[Cryptography] Some bits from the 1981 NSA COMSEC Guide
iang at iang.org
Sun Dec 27 09:36:14 EST 2015
In 1981, NSA wrote:
On 19/12/2015 01:48 am, Moritz Bartl wrote:
> Another wedge, which as yet has not been driven with an appreciable
> force, is the fact that - overwhelmingly - the money underwriting
> serious unclassified academic research in cryptography comes from the
> Government itself. Among them are the National Science Foundation (NSF),
> the Office of Naval Research (ONR) and the Defense Advanced Research
> Projects Agency (DARPA). NSA supplies a little itself. The wedge is
> blunted because Government officials administering grants from most of
> these institutions have been drawn largely from the academic community
> who believe strongly in the value of research performed outside
> Government, and are sympathetic to concerns about abridgement of
> Academic Freedom.
> In following paragraphs, the author explains that NSA has tried to make
> more bridges with academia and convince them to be “reasonable”.
In 2015, Phil Rogaway wrote:
In the United States, it would seem that the majority of extramural
cryptographic funding may now come from the military.155 From 2000 to
2010, fewer than 15% of the papers at CRYPTO that acknowledged U.S.
extramural funding acknowledged DoD funding.156 In 2011, this rose to
25%. From 2012 to 2015, it rose to 65%.157 Nowadays, many cryptographers
put together a large patchwork of grants, the largest of which are
usually DoD. The following funding acknowledgment isn’t so very atypical:
This work was supported by NSF, the DARPA PROCEED program,
an AFOSR MURI award, a grant from ONR, an IARPA project
provided via DoI/NBC, and by Samsung.158
The military funding of science invariably redirects it159 and creates
moral hazards.160 Yet suggesting to someone that they might want to
reconsider their taking DoD funding may anger even a placid colleague,
for it will be perceived as an assault both on ones character and his
ability to succeed.
No matter what people say, our scientific work does change in response
to sponsor’s institutional aims. These aims may not be one’s own. For
example, the mission of DARPA is "to invest in the breakthrough
technologies that can create the next generation of [U.S.] national
security capabilities." Having begun in the wake of Sputnik, the agency
speaks of avoiding technological surprise—and creating it for America’s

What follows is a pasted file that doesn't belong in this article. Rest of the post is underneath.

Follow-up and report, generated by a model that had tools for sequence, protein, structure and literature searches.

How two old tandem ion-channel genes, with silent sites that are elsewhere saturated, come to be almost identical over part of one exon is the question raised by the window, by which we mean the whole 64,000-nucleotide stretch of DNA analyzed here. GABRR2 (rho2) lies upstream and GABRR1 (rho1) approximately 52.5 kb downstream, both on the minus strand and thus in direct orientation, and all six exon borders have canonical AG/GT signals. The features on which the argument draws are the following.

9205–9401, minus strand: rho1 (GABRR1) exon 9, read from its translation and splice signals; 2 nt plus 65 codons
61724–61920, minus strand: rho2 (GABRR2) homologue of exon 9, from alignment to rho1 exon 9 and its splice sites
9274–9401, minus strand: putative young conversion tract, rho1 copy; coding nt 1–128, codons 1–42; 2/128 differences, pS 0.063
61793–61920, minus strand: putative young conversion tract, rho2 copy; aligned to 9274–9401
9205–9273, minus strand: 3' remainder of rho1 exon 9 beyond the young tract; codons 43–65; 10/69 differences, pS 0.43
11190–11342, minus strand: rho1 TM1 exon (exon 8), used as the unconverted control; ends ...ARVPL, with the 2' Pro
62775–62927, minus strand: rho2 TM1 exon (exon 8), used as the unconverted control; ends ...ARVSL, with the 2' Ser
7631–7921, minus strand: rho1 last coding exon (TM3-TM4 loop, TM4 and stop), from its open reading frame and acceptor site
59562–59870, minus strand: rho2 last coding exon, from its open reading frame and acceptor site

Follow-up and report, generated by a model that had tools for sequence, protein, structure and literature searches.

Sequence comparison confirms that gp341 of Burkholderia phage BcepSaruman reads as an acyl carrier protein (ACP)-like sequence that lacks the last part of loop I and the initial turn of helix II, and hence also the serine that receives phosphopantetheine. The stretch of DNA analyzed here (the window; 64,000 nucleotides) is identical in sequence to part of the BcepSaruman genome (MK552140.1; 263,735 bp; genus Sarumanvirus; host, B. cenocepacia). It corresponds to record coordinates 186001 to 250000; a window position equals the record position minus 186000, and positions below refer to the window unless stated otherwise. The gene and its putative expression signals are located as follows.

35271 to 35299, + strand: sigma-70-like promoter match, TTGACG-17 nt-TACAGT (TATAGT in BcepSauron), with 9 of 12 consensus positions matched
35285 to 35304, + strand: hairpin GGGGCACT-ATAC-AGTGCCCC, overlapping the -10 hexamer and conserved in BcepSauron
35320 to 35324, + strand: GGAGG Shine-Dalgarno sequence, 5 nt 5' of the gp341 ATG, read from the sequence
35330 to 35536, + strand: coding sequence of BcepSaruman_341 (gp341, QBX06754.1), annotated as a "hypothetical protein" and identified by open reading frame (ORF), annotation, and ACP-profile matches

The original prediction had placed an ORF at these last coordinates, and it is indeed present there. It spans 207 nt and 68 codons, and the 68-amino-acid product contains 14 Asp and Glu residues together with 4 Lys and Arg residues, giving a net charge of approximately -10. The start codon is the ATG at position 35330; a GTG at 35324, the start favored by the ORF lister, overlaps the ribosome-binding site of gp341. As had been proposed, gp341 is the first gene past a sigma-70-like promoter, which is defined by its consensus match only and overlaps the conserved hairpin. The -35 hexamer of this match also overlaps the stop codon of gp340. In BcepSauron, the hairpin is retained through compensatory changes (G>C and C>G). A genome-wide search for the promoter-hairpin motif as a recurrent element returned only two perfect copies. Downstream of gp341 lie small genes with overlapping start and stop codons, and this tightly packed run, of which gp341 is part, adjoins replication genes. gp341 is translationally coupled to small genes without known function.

enemies.161 In the USA, the NSA advises other DoD agencies on
crypto-related grants. At least sometimes, they advise the NSF. Back in
1996, the NSA tried to quash my own NSF CAREER award. I learned this
from my former NSF program manager, Dana Latch, who not only refused the
NSA request, but, annoyed by it, told me. An internal history of the NSA
reports on the mistake of theirs that allowed funding the grant leading
NSA had reviewed the Rivest [grant] application, but the wording was so
general that the Agency did not spot the threat and passed it back to
NSF without comment. Since the technique had been jointly funded by NSF
and the Office of Naval Research, NSA’s new director, Admiral Bobby
Inman, visited the director of ONR to secure a commitment that ONR would
get NSA’s coordination on all such future grant proposals.162
People are often happy to get funding, regardless of its source. But I
would suggest that if a funding agency embraces values inconsistent with
your own, then maybe you shouldn’t take their money. Institutions have
values, no less than men. Perhaps, in the modern era, they even have more.
Large organization have multiple and sometimes conflicting aims.
Military organizations with offensive and defensive roles in
cybersecurity have COIs built into their design. Individuals are wrong
to assume that their work is non-military work errantly funded by the
In his farewell address of 1961, President Dwight D. Eisenhower
introduced the phrase, and concept, of the military-industrial complex.
In an earlier version of that speech, Eisenhower tellingly called it the
military-industrial-academic complex.163 If scientists wish to reverse
our complicity in this convergence of interests, maybe we need to step
away from this trough.
None of this was clear to me when I first joined the university. A few
years ago I joined in on a DoD grant proposal (fortunately, unfunded),
which I would not do today. It took me a long time to realize what
eventually became obvious to me: that the funding we take both impacts
our beliefs and reflects on them.
In the end, a major reason that crypto-for-privacy has fared poorly is
that funding agencies don’t want to see progress in this direction,164
and most People will of course point to Tor as a counterexample; it has
received funding from DARPA, ONR, the State Department. I don’t think
there’s much to explain. Even companies don’t want progress here,
either. Cryptographers have internalized this. Mostly, we’ve been in the
business of helping business and government keep things safe.
Governments and companies have become our “customers,” not some ragtag
activists, journalists, or dissidents, and not some abstract notion of
the people. Crypto-for-privacy will fare better when cryptographers stop
taking DoD funds and, more than that, start thinking of a very different
constituency for our output.
◃ Think twice, and then again, about accepting military funding.165
◃ Regard ordinary people as those whose needs you ultimately aim to
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